Video: Wrestling Origins – Part 6

This is the area where when I was a kid I used to come not only for wrestling shows but for hockey games. There used to be a parking lot across the street where all the wrestlers & hockey players when they’re playing games and they’d walk across the street. They had to come across the street, there was no underground parking in those days so they would come through and there used to be big glass doors here. I would always have my autograph pad with me & a camera, I would stand there and got to high five the wrestlers, got to meet my favourite hockey players, got some hockey jerseys signed, stuff like that. I always made sure I got here super early, tried to get a glimpse or try to talk to one of my favourites and let them know that I thought they were awesome. That was kind of what I did here.

I used to get autographs not only from wrestlers but from hockey players, they always seemed to have time for the fans which was great. The odd time you’d get somebody that was in a hurry or whatever that is what it is, but for the most part, I got a lot of autographs, got to shake a lot of hands which was cool. I’ll never forget that I went to an auto show once, Mr. Perfect was doing an autograph signing at my gym in my little town of Orangeville, Angelo Mosca who is a CFL legend and professional wrestler, Angelo “King Kong” Mosca worked out there and I used to pick his brain all the time, tell him I wanted to be a wrestler and all these sorts of things. He told me at one point that he – that when Mr. Perfect moved to New York for the first time he let him live with him. He was friends with his father.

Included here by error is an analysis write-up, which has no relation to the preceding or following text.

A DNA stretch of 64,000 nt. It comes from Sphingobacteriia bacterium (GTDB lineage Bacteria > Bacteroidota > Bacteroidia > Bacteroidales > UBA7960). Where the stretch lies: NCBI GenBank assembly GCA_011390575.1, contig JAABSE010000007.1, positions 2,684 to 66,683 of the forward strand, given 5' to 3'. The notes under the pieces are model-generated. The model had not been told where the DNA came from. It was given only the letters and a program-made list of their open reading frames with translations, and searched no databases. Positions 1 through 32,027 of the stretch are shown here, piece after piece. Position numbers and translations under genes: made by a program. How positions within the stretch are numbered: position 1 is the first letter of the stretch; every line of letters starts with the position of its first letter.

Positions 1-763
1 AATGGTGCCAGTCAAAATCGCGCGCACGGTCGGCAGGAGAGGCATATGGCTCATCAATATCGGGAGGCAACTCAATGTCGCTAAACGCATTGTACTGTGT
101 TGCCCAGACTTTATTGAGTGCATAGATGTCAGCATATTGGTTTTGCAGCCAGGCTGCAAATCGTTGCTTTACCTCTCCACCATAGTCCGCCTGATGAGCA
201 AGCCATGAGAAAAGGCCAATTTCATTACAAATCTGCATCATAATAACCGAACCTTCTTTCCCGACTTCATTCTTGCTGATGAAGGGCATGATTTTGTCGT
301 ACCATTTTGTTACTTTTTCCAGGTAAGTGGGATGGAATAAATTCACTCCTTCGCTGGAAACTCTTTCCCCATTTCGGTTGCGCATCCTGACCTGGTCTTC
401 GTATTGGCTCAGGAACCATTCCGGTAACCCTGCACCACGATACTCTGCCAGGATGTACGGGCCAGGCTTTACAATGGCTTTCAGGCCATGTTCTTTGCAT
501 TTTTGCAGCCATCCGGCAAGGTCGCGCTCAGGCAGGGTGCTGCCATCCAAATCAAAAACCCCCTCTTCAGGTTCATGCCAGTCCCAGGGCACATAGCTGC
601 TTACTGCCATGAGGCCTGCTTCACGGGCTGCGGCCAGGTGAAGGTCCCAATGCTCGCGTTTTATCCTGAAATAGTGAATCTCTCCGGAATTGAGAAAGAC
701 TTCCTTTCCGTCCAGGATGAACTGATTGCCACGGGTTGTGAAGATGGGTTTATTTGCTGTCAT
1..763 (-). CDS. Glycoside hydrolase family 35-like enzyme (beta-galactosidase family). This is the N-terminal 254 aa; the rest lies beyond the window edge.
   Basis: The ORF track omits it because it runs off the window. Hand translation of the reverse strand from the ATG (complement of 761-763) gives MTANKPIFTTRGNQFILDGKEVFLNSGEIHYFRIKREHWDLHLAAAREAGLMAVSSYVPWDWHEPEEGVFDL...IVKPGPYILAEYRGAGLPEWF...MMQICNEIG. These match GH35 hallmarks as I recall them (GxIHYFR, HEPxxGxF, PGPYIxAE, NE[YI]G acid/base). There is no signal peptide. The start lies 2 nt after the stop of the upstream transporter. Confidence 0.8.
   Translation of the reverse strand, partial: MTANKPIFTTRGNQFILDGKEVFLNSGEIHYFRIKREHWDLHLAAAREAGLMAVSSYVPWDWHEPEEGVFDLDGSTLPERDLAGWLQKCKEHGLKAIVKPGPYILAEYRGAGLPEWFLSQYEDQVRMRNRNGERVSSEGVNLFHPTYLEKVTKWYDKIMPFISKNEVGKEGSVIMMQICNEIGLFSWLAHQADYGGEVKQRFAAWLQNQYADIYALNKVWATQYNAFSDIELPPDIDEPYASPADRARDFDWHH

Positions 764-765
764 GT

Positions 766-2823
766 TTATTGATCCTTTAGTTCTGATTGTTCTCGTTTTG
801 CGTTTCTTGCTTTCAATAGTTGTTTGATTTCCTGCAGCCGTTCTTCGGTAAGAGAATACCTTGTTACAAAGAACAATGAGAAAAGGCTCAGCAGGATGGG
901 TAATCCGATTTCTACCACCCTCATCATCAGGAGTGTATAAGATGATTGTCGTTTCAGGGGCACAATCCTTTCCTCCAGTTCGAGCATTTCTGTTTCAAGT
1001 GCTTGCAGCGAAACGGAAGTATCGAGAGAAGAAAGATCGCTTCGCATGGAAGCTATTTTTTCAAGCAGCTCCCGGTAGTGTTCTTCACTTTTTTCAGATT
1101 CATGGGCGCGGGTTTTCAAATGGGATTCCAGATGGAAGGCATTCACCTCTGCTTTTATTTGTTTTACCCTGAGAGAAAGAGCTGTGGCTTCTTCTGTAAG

I had this idea that I was going to ask him this question. I got up to the front of the line and said, “Excuse me Mr. Perfect, do you know Angelo Mosca?”, he looked up with this big smile on his face and said, “Angelo’s a very good friend of mine.” I said, “Oh, he works out at my gym and I just know him so I just want to – and he told me stories about you”. He said, “Please tell him I said hello.” For me that was the coolest thing, I was like “oh man, I got this inside story that Mr. Perfect knows”. That was a moment, it was cool two years later. I hadn’t seen Angelo in years and I was doing a show in Hamilton, at this point I’d been on TV for 6-7 years and he showed up at the show. He was now living in the Hamilton area, he showed up at the show and he saw me with a big smile on his face, even almost kind of like a tear in his eye, he came, he hugged me and he’s like, “I can’t believe you did it. You always told me you were going to make it.” Same with Adam. He said, “You guys always used to talk to me in the gym. You always used to ask me questions, but you guys did it and I’m really proud of you.” That was a cool moment to hear because we used to just – we used to – I used to bring magazines of him into the gym and show him. I got this magazine with you in it, stuff like that, and ask him questions about wrestling, he was always very cordial, always had time for us. I mean I think it’s important because the ones that are loyal, supporters of what you do and I think that I was – like I said, I was that kid standing outside this arena trying to shake a wrestler’s hand, trying to talk to a wrestler, I was that kid. I just put myself in their shoes and try to give them as much time as they need to talk, take a picture, whatever. That means that you made an impact on somebody somehow and I think that’s important. People shouldn’t forget that.